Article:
Guidelines for health professionals in treating tobacco use and dependence

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Quit Victoria
Carlton, Vic

 


The importance of smoking cessation as a public health issue is highlighted in key international and Australian reports. Tobacco smoking is the largest cause of preventable death and disease in Australia and is responsible for the death of approximately 19,000 Australians each year1. For example, continued smoking after a cancer diagnosis is associated with decreased survival, increased risk of recurrence of a secondary tobacco-related cancer and post-operative morbidity, as well as increased side effects of chemotherapy and radiation therapy2. Many of the adverse health effects of smoking are reversible by cessation.

There is international agreement about an effective role for clinicians in smoking cessation, however a number of surveys of Australian health care providers report very low levels of routine provision of smoking cessation advice and assistance to their patients who smoke3,4. The US5, UK6, Scotland7 and New Zealand8 have developed best practice guidelines and recommendations for smoking cessation interventions by health professionals to assist and encourage them to take a more active role in this important health area. Australian guidelines have recently been developed9.

Many health professionals can deliver effective smoking cessation interventions, including medical specialists, doctors, nurses, pharmacists and dentists5. In 2001, as part of the Australian National Tobacco Strategy, a review of evidence and implications for best practice in smoking cessation intervention in health care settings was completed10. The report provides evidence of effectiveness and highlights the role of health professionals, including that:

  • Implementing clinic systems designed to increase the assessment and documentation of tobacco almost doubles the rate at which clinicians intervene with their patients who smoke and results in higher rates of smoking cessation5.
  • Brief cessation advice to smokers from doctors delivered opportunistically during routine consultations has a modest effect size, but substantial potential public health impact11, 5.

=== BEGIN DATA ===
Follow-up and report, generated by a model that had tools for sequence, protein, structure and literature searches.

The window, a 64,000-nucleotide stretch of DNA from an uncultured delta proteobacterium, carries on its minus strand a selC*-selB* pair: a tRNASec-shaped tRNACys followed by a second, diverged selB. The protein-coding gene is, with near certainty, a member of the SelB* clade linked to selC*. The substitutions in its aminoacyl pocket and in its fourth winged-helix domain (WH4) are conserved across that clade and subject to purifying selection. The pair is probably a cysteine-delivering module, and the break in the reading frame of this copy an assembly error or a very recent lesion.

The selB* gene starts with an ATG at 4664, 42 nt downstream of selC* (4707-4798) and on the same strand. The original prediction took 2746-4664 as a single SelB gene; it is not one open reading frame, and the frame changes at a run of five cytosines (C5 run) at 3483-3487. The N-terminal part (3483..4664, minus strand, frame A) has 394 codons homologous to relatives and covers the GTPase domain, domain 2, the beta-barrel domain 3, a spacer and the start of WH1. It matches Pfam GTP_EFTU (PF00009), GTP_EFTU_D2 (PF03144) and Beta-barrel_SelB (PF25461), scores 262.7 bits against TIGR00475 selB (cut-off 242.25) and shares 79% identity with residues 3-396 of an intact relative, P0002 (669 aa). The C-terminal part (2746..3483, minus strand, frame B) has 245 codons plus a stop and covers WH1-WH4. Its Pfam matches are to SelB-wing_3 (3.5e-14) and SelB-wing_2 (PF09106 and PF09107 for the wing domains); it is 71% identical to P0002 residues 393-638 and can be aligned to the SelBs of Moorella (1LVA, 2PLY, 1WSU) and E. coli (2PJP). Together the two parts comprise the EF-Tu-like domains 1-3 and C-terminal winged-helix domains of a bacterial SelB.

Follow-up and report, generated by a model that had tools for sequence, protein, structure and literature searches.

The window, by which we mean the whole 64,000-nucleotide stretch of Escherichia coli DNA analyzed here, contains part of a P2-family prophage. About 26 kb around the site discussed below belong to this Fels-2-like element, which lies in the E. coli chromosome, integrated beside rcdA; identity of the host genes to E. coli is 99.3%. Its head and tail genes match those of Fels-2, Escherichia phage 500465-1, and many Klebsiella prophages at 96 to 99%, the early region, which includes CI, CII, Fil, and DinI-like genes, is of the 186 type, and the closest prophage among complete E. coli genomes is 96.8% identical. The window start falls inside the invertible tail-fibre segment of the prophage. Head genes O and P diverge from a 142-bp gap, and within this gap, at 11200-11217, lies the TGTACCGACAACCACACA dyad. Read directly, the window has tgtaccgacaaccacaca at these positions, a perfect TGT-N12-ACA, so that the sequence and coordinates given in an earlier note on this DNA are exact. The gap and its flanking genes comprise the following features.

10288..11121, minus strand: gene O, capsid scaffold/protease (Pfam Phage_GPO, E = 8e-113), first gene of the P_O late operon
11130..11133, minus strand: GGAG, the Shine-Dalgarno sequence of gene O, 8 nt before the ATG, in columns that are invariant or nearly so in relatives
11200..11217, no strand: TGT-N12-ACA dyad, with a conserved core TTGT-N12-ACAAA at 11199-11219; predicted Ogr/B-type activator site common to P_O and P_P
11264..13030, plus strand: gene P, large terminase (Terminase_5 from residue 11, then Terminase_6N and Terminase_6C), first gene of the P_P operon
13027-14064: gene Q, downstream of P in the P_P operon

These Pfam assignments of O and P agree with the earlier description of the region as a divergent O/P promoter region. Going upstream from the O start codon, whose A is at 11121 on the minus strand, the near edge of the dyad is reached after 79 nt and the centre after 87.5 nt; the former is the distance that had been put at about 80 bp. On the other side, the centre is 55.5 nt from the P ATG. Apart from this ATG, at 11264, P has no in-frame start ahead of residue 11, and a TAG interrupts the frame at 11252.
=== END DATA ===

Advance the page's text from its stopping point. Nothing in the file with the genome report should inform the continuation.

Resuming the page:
• A major benefit of brief opportunistic cessation advice is to motivate a quit attempt (three-to-five fold increase) and to provide support or referral to aid quit attempts12, 13.
  • Brief cessation advice to smokers delivered opportunistically during routine consultations increases the abstinence rate at six months by 30%.
  • Provision of nicotine replacement therapy enhances the effectiveness of advice from a doctor. Nicotine replacement doubles the odds of quitting and is effective regardless of the amount of advice given.

Key conclusions of the review were that:

  • Asking about smoking status and provision of brief advice independently increase the cessation rate compared to no intervention (Fiore et al 2000). Therefore all health care providers should routinely ask about smoking and provide brief cessation advice and clinic or institutional systems should be established for identification of smokers.
  • Assessment of readiness to quit is a necessary first step in planning treatment5.
  • Clinical practice guidelines have been demonstrated to be an effective means of changing the process of health care and improving health outcomes. Therefore professional-specific brief intervention guidelines for health care providers should be developed and promoted. Development and dissemination of professional-specific brief intervention guidelines to health care providers through their respective peak bodies may be a way to increase the profile of smoking cessation as a relevant issue and to address perceived barriers to implementation.

Australian Guidelines for General Practitioners

Health professionals need guidelines and supporting materials that assist them to effectively engage patients appropriate to their stage of change and materials that will be most effective in encouraging quitting. Smoking Cessation Guidelines for Australian General Practice that aim to provide an evidence-based and practical approach to smoking cessation advice in general practice were launched in June 20049. The development of the Commonwealth funded guidelines was coordinated by GP Education Australia and involved a project team with members from the University of New South Wales School of Public Health and Community Medicine, The Cancer Council Victoria, Flinders University and GP Education Australia.  A wider reference group and comprehensive stakeholder consultation were undertaken, as well as an extensive literature review. The evidence base that underpins these guidelines was drawn from the National Tobacco Strategy publication Smoking Cessation interventions: review of evidence and implications for best practice in health care settings10.

The guidelines are based on the “5As” for brief intervention. This is an evidence-based framework for structuring smoking cessation in health care settings and the basis of the United States clinical practice guideline: Treating Tobacco Use and Dependence5. The “5As” approach has also been used as the basis of revised guidelines for smoking cessation in New Zealand8. The intervention approach for each group of smokers is from the Smokescreen Program14-18.

The Australian guidelines outline a range of interventions from short, minimal cessation advice from general practice, with the option of referral to the Quitline for ongoing cessation support for the patient, to more intensive in-practice management. Advice is provided based on the smoker’s readiness to quit, acknowledging that the smoker’s own motivation to stop is a key issue.

The “5As” for smoking cessation in Australian General Practice are: